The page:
The observatory's latitude in Argentina is -35°. M87 is 12° above the celestial equator and Centaurus A is 43° below. At it's highest point, Cen A comes within 8° of overhead, while M87 only gets within 47°. At some times of year, M87 will not be visible at all.

Another factor I haven't looked at is which objects are highest in the sky during dark periods (night and little moon) required for the observations. However, I did do a Google search for Pierre Auger and M87 and found this page, which says:

Next year, a funding decision will be made on a second cosmic-ray observatory in Colorado. "Pierre Auger North" may be even bigger than its southern sibling. Moreover it will be able to observe the giant elliptical galaxy M87 (Virgo A), in the relatively nearby Virgo Cluster at declination 12° north. M87 is the nearest AGN of its size and power.

This suggests Argentina is really not a good place to observe M87. Maybe that partially explains why they have not observed excess events in its neighborhood.

Cheers, Kris

Kris Krogh said...

Hi Bee,

Finally looked at the paper you linked to. With regard to M87, they say:

By contrast, the region around the Virgo cluster is densely populated with galaxies but does not have an excess of events above isotropic expectations. In particular, a circle of radius 20± centred at the location of M87 ((l, b) = 76.2±, 74.5±) [11]) does not contain any of the 58 events with energy E > 55 EeV. This is a region of relatively low exposure for the Pierre Auger Observatory and only 1.2 event is expected on average with the current statistics if the flux were isotropic.

With only 1.2 events expected for that patch of sky, we can't attach a lot of statistical significance if none were found there.

Best, Kris

Plato said...

IN some form of equatorial style the very question to relate to some cosmological constant was to see that such production of galaxies were supporting the idea of the universe either/or in some geometrical form being expressed i the Friedman equations?

Looking for these contributions were some how significant in my mind as one understands the geometrical consequence of getting "all the information" from a "location in the universe" to expressed it self as a continued evolutionary consequence.

Decay Particularization was the break down of the response to that cosmic collision process, as well as the turning point to rejuvenating the constituent nature of all elements of the universe. To me it is coupled to the idea of this cosmological constant.

The Jets are a significant geometrical expression of this "physicality" of transforming the whole universe.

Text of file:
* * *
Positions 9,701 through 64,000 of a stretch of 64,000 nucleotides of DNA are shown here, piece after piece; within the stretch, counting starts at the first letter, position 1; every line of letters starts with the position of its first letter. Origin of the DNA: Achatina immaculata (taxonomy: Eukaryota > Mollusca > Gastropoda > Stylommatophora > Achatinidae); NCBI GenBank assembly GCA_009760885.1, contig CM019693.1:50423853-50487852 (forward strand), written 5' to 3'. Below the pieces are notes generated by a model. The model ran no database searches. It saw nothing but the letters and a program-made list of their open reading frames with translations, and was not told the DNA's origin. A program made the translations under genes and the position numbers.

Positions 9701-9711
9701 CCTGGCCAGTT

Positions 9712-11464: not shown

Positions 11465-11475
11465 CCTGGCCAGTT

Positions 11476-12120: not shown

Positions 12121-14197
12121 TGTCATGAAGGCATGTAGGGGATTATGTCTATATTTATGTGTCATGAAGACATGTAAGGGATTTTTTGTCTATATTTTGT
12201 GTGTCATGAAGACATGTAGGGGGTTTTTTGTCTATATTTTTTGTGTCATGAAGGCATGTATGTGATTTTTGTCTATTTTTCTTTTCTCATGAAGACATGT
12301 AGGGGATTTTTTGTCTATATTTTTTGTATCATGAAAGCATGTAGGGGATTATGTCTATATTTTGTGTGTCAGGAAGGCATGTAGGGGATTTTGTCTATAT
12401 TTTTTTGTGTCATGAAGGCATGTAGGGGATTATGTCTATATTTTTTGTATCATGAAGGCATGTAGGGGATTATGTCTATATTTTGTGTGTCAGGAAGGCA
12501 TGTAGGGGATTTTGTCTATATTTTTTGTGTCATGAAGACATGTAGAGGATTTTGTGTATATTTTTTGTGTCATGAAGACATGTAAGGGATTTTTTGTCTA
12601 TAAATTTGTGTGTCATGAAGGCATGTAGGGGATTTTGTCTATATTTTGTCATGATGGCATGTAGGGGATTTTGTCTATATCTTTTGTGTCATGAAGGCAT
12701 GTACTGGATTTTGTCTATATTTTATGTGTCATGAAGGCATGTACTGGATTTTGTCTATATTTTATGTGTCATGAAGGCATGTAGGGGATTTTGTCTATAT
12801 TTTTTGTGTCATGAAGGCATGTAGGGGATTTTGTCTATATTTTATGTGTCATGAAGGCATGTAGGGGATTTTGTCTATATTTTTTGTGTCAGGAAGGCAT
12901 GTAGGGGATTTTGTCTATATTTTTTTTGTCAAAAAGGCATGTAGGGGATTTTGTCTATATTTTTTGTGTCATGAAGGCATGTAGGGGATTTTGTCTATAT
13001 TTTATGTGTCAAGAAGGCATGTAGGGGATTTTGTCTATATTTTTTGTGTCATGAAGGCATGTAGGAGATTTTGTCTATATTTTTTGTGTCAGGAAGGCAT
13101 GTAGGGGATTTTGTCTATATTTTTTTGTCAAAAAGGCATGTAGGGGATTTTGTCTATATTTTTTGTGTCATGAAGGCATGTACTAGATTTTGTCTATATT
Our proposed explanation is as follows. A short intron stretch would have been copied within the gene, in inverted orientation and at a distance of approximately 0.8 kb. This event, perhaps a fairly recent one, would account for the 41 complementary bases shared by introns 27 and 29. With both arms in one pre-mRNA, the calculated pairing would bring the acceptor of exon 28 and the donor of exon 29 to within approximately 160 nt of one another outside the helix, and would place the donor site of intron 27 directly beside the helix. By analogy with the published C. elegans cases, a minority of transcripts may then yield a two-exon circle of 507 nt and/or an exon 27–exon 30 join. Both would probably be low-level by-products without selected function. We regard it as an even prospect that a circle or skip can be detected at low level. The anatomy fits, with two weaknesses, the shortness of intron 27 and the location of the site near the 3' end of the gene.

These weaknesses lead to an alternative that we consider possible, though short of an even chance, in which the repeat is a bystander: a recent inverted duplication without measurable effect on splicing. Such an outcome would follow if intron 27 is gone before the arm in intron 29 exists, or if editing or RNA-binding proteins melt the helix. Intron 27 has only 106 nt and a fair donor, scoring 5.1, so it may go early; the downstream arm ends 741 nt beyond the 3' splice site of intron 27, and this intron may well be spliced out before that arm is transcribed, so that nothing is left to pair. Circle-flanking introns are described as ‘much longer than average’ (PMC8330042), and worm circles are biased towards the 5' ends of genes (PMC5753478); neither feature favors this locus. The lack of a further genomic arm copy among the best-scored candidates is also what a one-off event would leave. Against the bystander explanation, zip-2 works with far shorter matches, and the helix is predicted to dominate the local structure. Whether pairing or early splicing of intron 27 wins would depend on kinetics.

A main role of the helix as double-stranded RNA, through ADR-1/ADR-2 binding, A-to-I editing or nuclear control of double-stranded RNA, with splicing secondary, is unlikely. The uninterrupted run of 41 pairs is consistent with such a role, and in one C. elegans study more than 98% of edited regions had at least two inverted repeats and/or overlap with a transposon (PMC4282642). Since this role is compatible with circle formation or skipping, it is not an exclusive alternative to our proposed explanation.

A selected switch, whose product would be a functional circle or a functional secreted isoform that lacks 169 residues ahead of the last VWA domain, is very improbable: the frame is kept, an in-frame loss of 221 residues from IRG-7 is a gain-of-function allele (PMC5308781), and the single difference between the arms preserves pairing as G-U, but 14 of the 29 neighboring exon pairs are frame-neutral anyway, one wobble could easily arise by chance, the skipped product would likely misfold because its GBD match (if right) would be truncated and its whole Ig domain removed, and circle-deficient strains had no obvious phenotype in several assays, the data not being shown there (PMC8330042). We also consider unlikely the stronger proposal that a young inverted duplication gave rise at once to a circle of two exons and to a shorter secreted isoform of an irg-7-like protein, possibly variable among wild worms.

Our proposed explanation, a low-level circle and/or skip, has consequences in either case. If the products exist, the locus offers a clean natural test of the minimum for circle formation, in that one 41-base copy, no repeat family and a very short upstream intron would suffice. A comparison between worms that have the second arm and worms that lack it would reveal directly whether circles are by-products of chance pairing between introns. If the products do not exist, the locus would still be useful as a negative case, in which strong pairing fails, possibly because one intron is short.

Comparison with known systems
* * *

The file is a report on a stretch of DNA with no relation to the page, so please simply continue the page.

Sean Carroll in my view has a similar thought as to what is contributing.

Best,

Arun said...

Hi Bee and Stefan,
What does this http://news.discovery.com/space/stars-universe-cosmos.html mean for the cosmological models? If we've missed 90% of the galaxies out there, then presumably we've underestimated baryonic matter by an order of magnitude?

Of course, I don't know the status of the finding...


Tx!
-Arun

Bee said...

Hi Arun,

I saw a similar headline yesterday, but haven't thought about it too closely. I'm not sure what to make out of statements like "in some parts of the universe" or "could be as much." In any case, I don't think this would mean the fraction of baryonic matter had been misestimated, but if anything then it is about the fraction of baryonic matter that's visible. There's 24% or so of the total matter content thought to be "matter" 20% (or so) of which is dark matter, and the rest baryonic. However, even of the remaining 4% it's only a small fraction that is actually visible (I believe it's 0.2% or so). The rest is thought to be dispersed in dust or the "warm hot intergalactic medium". (See eg Missing Baryons and the Warm-Hot Intergalactic Medium). I suppose the numbers on which fraction is what could shift around somewhat. Best,

B.

Bee said...

Hi Kris,

Yes, the exposure to M87 isn't great, and yes, one should wait for better statistics. Best,

B.

Arun said...

I guess, Bee, that astrophysics and cosmology remain the areas of physics where the change in an observation by a factor of 10 has no real practical consequences :).

That used to be said about a factor of ten in the exponent, so presumably there has been some progress in the field :) :)

Kris Krogh said...

Hi Bee,

I also agree with your earlier point that, while the numbers are low, nevertheless there is real statistical information there. Maybe 5 events for M87 would be comparable to what they've gotten for the Centaurus A region. Some data collected prior to Pierre Auger, in the northern hemisphere, also failed to show any increase in high-energy events near M87.

I found this paper which appears to show that the hot spot for Cen A, at the terminus of its "Northern Giant outer Lobe" (NGL) faces directly toward us. Couldn't find any similar data on M87's outer hotspot. If its orientation is different, maybe that could account for smaller numbers.

Best, Kris

Bee said...

Hi Kris,

Yes, that's an excellent point. I vaguely recall that somebody from the AUGER collaboration (in some talk) also mentioned the possibility of the emission being directed. Best,

B.

Plato said...

I think that's the point though is to account "for the direction" most likely to see these energetic particle determinations, given at it's highest point of motivational delivery in geometrical expression.

Considering the "lighthouse effect" and the "sharp gleam in the eye":) from the source, it just made sense that the AGN jet would be "pointed in our direction?"

Best,